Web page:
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Optokinetic response

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Horizontal optokinetic nystagmus.

The optokinetic reflex (OKR), also referred to as the optokinetic response, or optokinetic nystagmus (OKN), is a compensatory reflex that supports visual image stabilization.[1] The purpose of OKR is to prevent image blur on the retina that would otherwise occur when an animal moves its head or navigates through its environment. This is achieved by the reflexive movement of the eyes in the same direction as image motion, so as to minimize the relative motion of the visual scene on the eye. OKR is best evoked by slow, rotational motion, and operates in coordination with several complementary reflexes that also support image stabilization, including the vestibulo-ocular reflex (VOR).

Characteristics of OKR[edit]

Eliciting OKR[edit]

OKR is typically evoked by presenting full field visual motion to a subject. The optokinetic drum is a common clinic tool used for this purpose. The drum most commonly contains sinusoidal or square-wave stripes that move across the subject's field of view to elicit strong optokinetic eye movements. However, nearly any moving texture evokes OKR in mammals. Outside of laboratory settings, OKR is strongly evoked by natural image motion, including when looking out the side window of a moving vehicle.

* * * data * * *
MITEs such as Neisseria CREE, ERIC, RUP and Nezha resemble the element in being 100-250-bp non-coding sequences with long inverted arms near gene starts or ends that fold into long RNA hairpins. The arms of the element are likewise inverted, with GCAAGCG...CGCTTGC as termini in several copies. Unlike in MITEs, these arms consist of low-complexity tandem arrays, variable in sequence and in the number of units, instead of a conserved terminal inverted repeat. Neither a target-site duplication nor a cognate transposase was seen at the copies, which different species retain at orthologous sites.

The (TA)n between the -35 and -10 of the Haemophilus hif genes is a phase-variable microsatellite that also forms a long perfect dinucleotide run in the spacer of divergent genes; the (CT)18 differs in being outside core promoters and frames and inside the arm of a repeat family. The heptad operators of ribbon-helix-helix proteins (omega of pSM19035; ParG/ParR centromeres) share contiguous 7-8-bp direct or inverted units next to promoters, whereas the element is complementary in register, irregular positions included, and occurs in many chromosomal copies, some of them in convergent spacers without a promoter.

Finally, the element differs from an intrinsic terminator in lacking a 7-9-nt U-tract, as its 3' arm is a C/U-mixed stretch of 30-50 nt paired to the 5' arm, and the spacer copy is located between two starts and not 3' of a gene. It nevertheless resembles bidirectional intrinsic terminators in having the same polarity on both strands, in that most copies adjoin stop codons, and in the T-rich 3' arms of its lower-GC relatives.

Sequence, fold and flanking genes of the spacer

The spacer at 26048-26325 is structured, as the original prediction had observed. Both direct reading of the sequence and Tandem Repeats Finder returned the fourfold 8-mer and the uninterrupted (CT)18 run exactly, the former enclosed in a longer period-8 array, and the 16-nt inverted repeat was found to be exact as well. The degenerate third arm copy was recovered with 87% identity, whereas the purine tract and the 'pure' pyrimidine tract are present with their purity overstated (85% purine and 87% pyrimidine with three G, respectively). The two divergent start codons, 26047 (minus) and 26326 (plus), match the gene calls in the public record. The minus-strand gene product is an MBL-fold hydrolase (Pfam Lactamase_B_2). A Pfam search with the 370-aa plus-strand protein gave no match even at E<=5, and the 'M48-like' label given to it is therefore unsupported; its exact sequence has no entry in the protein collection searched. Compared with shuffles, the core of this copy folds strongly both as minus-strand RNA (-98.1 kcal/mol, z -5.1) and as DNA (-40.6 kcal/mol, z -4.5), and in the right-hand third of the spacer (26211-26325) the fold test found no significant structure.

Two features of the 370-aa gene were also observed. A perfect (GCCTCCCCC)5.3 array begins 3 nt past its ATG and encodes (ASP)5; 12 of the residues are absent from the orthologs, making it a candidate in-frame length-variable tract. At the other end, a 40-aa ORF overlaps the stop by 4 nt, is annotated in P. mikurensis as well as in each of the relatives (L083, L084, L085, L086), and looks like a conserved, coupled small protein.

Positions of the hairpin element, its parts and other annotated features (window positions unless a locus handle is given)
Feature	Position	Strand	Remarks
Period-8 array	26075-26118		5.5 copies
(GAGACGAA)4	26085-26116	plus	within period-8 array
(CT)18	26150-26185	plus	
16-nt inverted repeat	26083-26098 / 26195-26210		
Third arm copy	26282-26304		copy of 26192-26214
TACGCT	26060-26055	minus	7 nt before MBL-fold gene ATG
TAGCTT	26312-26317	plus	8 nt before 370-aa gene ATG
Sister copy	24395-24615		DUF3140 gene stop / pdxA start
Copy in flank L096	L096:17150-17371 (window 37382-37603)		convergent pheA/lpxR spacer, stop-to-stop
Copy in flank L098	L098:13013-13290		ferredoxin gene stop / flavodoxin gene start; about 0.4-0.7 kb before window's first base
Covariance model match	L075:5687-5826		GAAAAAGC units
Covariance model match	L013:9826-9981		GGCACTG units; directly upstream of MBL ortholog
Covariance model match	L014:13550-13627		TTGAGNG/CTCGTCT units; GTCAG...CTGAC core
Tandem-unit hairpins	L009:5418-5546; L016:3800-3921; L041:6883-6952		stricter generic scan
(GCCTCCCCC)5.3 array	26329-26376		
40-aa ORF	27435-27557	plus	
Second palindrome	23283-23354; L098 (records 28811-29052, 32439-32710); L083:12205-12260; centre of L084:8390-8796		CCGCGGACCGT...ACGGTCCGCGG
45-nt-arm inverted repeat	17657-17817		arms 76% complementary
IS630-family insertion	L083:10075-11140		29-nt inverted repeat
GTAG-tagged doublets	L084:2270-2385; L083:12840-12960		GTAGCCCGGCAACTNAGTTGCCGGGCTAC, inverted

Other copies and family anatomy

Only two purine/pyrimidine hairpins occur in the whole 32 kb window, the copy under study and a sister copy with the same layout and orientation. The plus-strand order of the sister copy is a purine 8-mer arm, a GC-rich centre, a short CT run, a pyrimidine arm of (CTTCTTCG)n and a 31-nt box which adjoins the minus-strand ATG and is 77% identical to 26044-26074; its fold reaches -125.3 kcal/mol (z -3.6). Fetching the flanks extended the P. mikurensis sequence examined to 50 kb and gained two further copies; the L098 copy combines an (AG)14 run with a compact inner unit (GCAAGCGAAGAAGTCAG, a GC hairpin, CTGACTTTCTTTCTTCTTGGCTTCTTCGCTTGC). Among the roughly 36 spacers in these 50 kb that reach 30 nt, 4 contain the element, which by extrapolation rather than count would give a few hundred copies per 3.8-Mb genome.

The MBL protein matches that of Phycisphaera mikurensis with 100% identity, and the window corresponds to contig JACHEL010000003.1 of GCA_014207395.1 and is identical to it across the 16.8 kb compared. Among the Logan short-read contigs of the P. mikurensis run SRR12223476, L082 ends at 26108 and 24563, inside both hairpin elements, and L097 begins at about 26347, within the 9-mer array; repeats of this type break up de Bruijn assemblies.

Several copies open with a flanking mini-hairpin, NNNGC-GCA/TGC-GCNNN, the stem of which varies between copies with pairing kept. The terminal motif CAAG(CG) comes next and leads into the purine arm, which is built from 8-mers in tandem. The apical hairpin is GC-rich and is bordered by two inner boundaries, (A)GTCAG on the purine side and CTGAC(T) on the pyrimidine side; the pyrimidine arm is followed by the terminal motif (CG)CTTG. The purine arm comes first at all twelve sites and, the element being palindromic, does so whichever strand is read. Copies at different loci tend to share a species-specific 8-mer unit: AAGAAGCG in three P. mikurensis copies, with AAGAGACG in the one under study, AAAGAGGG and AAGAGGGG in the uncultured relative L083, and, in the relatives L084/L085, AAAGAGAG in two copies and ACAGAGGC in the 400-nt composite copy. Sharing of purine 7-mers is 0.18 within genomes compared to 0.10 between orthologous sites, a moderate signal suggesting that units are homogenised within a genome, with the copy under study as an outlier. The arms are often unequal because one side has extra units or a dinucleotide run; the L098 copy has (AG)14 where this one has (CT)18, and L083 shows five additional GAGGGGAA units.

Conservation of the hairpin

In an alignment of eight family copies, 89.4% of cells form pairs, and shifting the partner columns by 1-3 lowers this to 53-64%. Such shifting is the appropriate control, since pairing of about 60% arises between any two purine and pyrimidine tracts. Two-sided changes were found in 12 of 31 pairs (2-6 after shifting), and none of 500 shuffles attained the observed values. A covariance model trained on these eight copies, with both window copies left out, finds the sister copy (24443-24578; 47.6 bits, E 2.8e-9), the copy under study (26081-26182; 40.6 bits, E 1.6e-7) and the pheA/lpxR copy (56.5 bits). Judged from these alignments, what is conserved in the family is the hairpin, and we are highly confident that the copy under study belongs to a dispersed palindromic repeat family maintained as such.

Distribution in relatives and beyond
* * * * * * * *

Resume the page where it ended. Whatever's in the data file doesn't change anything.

Eye movement patterns[edit]

When viewing constant, unidirectional motion, OKR consists of a stereotyped "sawtooth" waveform that represents two types of eye movements. During slow nystagmus, the eyes smoothly follow the direction of the stimulus. Though slow nystagmus closely resembles smooth pursuit eye movements, it is distinct; several species that do not exhibit smooth pursuit nonetheless have slow nystagmus during OKR (though in humans, it is possible to substitute slow nystagmus for smooth pursuit during a version of OKR referred to as "look nystagmus", in which subjects are specifically instructed to track the moving stimuli[2]). Fast nystagmus is the second constituent eye movement in OKR. It consists of a rapid, resetting saccade in the opposite direction of the slow nystagmus (i.e., opposite to the stimulus motion). The purpose of the fast nystagmus is to keep the eye centered in the orbit, while the purpose of the slow nystagmus is to stabilize the moving visual scene on the retina.

Comparative biology[edit]